2. Any Convention is only as good as its reach and the extent of awareness of its provisions. In addition to educational programmes mentioned above, there is a need to increase awareness on the provisions and activities of OPCW / CWC as well as National Authorities of CWC on these weapons of mass destruction. To this end, seminars should be planned at various levels involving academics and other stakeholders like the industry, the armed forces, the NDMA, the Ministry of Home Affairs, the Ministry of Health and Family Welfare, State Governments, district administrations and non-governmental organisations. Such collaboration will also ensure pre-disaster coordination, facilitate dissemination of information and enable a focused discussion on theory, general principles and practicalities of the problem, which is currently lacking. It will also help all stakeholders understand the following:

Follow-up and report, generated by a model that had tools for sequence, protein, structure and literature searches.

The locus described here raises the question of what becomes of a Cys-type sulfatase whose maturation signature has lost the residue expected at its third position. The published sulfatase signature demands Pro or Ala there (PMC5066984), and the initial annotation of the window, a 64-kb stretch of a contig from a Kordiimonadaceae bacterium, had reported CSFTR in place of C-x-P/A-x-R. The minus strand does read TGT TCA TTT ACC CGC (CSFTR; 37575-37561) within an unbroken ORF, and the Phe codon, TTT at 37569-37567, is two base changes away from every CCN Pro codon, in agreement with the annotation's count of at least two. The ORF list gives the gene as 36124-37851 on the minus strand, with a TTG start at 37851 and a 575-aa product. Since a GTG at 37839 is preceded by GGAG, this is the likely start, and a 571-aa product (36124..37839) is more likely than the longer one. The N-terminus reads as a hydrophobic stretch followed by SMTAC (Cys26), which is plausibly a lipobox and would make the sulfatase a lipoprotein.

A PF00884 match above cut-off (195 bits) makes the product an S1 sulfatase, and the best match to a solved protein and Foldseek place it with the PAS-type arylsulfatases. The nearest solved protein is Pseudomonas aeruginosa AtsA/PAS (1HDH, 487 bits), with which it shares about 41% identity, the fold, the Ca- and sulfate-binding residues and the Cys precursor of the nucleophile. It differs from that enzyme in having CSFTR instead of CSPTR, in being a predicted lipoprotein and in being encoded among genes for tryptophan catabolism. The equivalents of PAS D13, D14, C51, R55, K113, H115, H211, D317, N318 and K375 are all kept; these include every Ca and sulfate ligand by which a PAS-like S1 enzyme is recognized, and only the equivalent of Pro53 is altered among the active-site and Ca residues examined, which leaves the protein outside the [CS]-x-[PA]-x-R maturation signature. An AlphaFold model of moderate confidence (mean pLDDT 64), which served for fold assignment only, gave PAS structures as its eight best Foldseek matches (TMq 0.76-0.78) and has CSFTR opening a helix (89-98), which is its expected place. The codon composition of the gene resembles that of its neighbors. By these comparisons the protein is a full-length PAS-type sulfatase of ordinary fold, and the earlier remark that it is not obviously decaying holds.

• Implications of the CWC and its contribution to global peace and security,
    • Development of safety and security standards and counter measures,

    • Evaluation of the OPCW verification system in view of the possible misuse of commercial and dual use chemicals,
    • Technical safety practices, emergency drills and protection in case of attacks,
    • The impact of advances in science and technology to mitigate the possible effects of an attack.